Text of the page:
Trousseau recognized that recurrent deep vein thrombosis could be a presenting sign for patients with occult neoplasia. These patients have a chronic DIC related to a number of factors, including release of tissue thromboplastin-like materials from the tumor.


Features of thrombophlebitis:

(1) These tend to be recurrent and migratory (occurring at different sites).

(2) The thrombosis may occur in both superficial and deep veins. Superficial veins include those of the neck, thorax and abdomen. Thromboses may involve the axillary, subclavian, or cerebral veins as well as veins to intra-abdominal viscera.

(3) Arterial thrombosis may occur.

(4) The thromboses show resistance to warfarin therapy, with improvement with therapy of the tumor.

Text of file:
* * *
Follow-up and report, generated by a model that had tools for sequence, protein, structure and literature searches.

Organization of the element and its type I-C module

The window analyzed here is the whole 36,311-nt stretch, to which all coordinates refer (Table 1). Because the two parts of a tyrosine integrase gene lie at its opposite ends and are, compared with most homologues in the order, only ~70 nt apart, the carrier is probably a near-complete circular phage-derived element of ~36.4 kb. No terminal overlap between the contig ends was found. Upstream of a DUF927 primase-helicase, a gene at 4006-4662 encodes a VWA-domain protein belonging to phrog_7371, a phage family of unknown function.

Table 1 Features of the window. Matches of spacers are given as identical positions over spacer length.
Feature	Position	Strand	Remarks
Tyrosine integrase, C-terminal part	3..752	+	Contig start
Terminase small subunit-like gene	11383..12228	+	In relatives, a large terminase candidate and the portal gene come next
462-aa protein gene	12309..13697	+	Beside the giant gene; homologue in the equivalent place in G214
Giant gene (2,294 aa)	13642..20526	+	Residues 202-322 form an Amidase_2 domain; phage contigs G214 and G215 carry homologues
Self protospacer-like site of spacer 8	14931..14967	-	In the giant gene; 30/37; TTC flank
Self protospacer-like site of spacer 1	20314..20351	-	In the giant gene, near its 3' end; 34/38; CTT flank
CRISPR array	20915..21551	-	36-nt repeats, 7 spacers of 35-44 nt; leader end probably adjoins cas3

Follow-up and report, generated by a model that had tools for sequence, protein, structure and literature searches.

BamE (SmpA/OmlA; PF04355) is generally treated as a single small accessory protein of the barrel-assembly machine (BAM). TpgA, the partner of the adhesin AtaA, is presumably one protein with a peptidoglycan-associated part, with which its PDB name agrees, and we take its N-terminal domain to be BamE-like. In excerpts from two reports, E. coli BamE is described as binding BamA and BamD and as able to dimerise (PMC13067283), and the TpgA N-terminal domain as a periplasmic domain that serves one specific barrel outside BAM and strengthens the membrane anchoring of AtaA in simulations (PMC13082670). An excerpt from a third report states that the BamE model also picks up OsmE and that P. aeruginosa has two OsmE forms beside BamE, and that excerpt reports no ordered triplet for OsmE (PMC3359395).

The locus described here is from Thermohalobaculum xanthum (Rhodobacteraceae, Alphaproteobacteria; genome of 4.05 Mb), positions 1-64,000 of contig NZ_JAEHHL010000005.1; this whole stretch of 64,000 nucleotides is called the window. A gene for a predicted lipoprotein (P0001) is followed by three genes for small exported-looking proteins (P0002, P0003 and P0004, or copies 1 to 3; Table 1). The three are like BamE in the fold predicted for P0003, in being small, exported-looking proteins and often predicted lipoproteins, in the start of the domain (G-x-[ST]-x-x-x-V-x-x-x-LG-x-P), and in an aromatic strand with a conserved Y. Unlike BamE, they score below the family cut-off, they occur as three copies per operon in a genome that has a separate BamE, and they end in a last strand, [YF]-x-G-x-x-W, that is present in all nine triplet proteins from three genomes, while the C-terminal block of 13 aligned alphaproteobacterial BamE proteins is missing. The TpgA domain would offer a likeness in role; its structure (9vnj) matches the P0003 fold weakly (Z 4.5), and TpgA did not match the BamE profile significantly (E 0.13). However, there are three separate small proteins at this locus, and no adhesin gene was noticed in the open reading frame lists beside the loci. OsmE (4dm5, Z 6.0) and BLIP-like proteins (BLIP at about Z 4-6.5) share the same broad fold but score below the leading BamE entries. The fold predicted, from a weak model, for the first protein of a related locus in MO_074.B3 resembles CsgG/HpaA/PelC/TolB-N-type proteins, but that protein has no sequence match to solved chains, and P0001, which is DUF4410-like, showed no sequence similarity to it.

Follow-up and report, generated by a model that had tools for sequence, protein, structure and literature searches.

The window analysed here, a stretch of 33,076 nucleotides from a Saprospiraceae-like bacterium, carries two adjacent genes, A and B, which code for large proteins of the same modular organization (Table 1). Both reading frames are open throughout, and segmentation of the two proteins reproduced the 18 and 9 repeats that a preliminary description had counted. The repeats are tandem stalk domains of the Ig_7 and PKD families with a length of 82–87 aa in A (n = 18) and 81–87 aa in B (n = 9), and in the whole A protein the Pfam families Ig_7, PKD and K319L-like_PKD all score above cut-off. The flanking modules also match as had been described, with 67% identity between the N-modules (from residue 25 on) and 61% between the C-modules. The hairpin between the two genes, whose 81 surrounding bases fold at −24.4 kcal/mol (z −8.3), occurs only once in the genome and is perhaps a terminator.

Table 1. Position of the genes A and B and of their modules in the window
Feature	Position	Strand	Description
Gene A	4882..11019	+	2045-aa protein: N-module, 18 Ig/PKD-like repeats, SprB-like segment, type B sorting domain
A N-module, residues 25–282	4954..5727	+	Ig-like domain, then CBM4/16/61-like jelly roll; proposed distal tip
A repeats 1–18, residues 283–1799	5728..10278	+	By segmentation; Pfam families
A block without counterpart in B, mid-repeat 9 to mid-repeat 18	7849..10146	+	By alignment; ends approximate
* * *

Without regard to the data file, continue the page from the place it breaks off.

(5) Patients respond to heparin therapy but thrombosis recurs shortly after discontinuation of therapy.


Underlying neoplasms – The most common tumors are located in:

(1) lung

(2) gastrointestinal tract

(3) pancreas

(4) renal

(5) ovarian and other gynecologic malignancies


Other associations:

(1) Particular attention should be paid to an older adult without history of previous thromboembolic disease, and especially if (a) there is no known precipitating factor or (b) the patient shows weight loss or other systemic signs of malignancy.

(2) There is an increased risk of post-surgical thrombophlebitis.

(3) The thromboses may precede discovery of the underlying malignancy by many months.

(4) The underlying malignancy may be difficult to detect despite an extensive investigation.

(5) Some of the patients may develop nonbacterial thrombotic endocarditis.


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